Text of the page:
Yeats, Easter Rising and Irish Independence

Categories: IndependenceRebellion

The struggle for Irish independence is the central theme of William Butler Yeats’ Easter, 1916. Yeats’ view of the revolutionary and national movements before the Easter Rising rebellion reflects his opinion of the need to rethink the ideologies and leadership of the initiatives. Furthermore, Yeats illustrates that there is a need for civil society to break its complacence and acceptance of the English rule of the country. He believed that the independence movements lacked public support and was too mired in politicking of its leaders.

Yeats counts himself among the people in society that practice the exchange of “Polite meaningless words” without having any real interests in other people in Ireland, as suggested by the line “lived where motley is worn” (Yeats line 8, 14). This view of society reflects Yeats’ view that the Irish people have become used to their society and have become apathetic and uninterested with the concerns of their countrymen. He illustrates that social exchanges have become ritualized that neither affords the discussion of real issues whose sole purpose is for entertainment, to “please a companion”, or to impress others (line 11).

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Yeats’ views are supported by Charles Townshend’s analysis of the events that built up to the rebellion: majority of the debates where limited to a few societies and even if there were affluent patrons of the independence movements, there was a general reluctance from being associated with the initiatives (44-52). Another difficulty in creating progress is the fact that issues were often tied up in political debate without social reform.

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At times, the issues were even viewed as concern limited to only a few social circles which in turn had their own particular issues (Easter Rising 1916: From Home Rule to Independence)

To illustrate this, Yeats presents the first of several characters associated with the rebellion. Modeled after Constance Markievicz, a countess advocating for the independence movement, he points out her “ignorant good-will”, implying a shallow understanding of the independence and its price (line 18). In the case of his portrayal of Patrick Pearse, referred to as the “man had kept a school, And rode our winged horse” as well as that of “his helper and friend”, Thomas MacDonagh, Yeats clearly values their writing and educational efforts rather than their initiatives towards a revolution (lines 24-26).

Right after the rebellion, Yeats observed that many of the so-called leaders of the independence movement were either shunned, became reserved in their beliefs and even vilified because of the association with Germany who was them at war with England (Townsend 117-129). He uses this to further develop his thesis of the weakness of independence initiatives. He believes that few of the so-called leaders understood the implications of asserting for independence because they were more concerned in making impassioned speeches that fell on hardened hearts (Yeats, lines 53-59).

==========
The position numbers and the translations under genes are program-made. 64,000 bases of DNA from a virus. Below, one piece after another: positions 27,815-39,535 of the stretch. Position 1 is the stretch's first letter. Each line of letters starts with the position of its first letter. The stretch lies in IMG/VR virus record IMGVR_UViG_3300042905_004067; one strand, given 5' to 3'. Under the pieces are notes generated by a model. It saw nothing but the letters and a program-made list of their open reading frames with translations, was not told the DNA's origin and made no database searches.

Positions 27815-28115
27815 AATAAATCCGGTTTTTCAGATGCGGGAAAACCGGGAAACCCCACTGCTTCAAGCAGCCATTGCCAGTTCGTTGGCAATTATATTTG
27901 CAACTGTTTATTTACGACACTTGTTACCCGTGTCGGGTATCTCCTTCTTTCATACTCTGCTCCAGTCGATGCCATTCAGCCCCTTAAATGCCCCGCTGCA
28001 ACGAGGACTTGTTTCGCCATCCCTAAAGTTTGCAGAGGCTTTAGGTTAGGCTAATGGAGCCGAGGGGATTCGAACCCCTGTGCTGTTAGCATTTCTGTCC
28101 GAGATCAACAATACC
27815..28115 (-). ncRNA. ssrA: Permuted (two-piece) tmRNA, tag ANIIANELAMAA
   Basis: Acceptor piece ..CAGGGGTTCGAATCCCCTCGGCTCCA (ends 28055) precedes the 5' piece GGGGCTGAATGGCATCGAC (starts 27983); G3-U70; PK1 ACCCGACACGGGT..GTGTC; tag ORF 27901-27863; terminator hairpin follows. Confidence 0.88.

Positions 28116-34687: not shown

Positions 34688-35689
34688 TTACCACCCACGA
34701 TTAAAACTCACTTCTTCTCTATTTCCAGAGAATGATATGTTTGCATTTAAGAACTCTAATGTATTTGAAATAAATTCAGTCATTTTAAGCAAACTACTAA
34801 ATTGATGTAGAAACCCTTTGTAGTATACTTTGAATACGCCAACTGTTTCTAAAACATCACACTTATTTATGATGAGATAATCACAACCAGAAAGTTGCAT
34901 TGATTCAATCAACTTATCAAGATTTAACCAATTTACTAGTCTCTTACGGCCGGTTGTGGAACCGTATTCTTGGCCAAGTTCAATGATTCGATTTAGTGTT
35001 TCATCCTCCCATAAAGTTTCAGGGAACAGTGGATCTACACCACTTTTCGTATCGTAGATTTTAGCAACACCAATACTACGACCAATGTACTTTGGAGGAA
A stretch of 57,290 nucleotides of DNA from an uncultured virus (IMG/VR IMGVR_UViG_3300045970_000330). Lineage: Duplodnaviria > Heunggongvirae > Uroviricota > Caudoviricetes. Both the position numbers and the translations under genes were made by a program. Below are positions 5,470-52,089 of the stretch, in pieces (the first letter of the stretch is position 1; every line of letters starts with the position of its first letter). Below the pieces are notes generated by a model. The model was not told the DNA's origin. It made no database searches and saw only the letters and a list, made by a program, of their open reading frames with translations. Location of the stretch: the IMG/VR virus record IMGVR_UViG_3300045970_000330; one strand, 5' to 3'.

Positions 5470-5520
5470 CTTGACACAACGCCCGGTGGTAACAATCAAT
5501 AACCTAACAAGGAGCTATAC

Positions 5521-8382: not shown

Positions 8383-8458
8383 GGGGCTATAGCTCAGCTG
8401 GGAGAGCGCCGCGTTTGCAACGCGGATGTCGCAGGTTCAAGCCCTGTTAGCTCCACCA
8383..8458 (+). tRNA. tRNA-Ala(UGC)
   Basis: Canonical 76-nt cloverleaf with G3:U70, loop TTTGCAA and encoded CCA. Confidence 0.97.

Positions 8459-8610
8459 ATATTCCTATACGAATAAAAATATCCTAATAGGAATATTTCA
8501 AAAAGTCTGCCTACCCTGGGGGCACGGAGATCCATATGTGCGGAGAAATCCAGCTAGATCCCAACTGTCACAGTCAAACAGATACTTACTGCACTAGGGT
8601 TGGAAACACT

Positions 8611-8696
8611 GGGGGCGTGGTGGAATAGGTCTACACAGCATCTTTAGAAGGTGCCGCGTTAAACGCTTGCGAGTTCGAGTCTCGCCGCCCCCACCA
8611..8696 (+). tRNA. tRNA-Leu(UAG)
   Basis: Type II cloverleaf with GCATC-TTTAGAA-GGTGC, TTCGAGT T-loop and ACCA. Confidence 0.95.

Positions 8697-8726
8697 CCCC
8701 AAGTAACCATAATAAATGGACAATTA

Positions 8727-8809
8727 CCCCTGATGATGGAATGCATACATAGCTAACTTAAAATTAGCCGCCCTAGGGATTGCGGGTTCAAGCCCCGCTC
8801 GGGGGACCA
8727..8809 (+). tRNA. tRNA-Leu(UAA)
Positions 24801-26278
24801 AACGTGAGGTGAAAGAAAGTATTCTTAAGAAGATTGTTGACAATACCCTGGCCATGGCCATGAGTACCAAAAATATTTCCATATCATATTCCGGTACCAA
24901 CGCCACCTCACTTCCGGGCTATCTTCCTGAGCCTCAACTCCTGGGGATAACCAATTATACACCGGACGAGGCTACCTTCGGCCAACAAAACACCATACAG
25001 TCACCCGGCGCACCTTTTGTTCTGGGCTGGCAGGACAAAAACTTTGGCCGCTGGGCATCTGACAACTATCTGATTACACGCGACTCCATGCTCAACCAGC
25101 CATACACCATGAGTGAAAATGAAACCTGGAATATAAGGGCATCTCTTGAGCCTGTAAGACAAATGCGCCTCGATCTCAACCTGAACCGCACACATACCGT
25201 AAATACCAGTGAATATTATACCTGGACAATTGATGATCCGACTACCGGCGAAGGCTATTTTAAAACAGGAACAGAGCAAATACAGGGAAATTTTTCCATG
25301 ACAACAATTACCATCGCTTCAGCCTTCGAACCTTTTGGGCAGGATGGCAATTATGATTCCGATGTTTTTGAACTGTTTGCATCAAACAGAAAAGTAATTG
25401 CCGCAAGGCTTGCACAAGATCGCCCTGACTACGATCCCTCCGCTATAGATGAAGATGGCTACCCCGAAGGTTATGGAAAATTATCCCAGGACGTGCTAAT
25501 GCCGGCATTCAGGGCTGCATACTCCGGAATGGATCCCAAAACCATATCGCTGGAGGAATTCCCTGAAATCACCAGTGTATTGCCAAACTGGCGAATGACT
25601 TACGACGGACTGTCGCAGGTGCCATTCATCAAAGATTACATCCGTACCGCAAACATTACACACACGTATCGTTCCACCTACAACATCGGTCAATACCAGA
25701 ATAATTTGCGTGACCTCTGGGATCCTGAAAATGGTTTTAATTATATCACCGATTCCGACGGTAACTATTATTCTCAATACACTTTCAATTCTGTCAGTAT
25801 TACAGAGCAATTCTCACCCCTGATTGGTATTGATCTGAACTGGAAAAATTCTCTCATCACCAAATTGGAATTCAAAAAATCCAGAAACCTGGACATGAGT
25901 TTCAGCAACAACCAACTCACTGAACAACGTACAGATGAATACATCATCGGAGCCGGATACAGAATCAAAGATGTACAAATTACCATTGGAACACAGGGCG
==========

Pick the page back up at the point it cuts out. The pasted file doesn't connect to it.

At this point in the poem, Yeats again returns to the illustration of a society that has remained generally unresponsive to the idea of independence because it has come too long and to slowly. Yeats implies that it took the death of leaders such as James Connolly and even that of John MacBride, whom he clearly did not hold in any high regard, if not the military action taken by England in response to the rebellion, for society to regard issues with greater importance.

Townsend considers the rebellion the true beginning of the struggle for Irish independence not only among intellectuals but for the public as well (75-81). According to Garret FitzGerald’s speech in memoriam to the Easter Rising, the participants of the rebellion challenged Ireland to “…see them as they were seen at the time by those who decided to proceed, despite the virtual certainty of failure. ” (Easter Rising 1916: From Home Rule to Independence).

It should be noted that Yeats does no consider the Easter Rising futile, in fact, it can be equated with the central theme of the poem as stated in the line, “A terrible beauty is born” (Yeats, line 16). However, he considers it a product of unsound ideologies and weak leadership and has caused the sacrifice of people who truly believed, misguided or not, in the value of Irish independence (lines 78-79).

It can be then concluded form Yeats poem that he considered the efforts towards independence prior to the Easter Rising was too politicized and did not have enough social relevance. He cites the apathy displayed by the public due to years of complacency as an issue that was not addressed effectively. Considering the leaders of the rebellion, he believes that though they had noble intentions and believed in their cause, their actions lacked foresight which resulted to violence and the loss of lives including their own.

For Yeats, independence can only be realized if there is a full understanding of its cost and when society is willing to practice libertarian ideas and not just talk about it. Works Cited “Easter Rising 1916: From Home Rule to Independence”. BBC Online. 13 November 2007. <http://www. bbc. co. uk/history/british/easterrising/> Yeats, William Butler. “Easter, 1916”. Online Literature. 13 November 2007. <http://www. online-literature. com/yeats/779/> Townsend, Charles. Easter 1916: The Irish Rebellion. Chicago: Ivan R. Dee, 2005.

Updated: Feb 22, 2021
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Yeats, Easter Rising and Irish Independence. (2017, Apr 14). Retrieved from

Yeats, Easter Rising and Irish Independence essay
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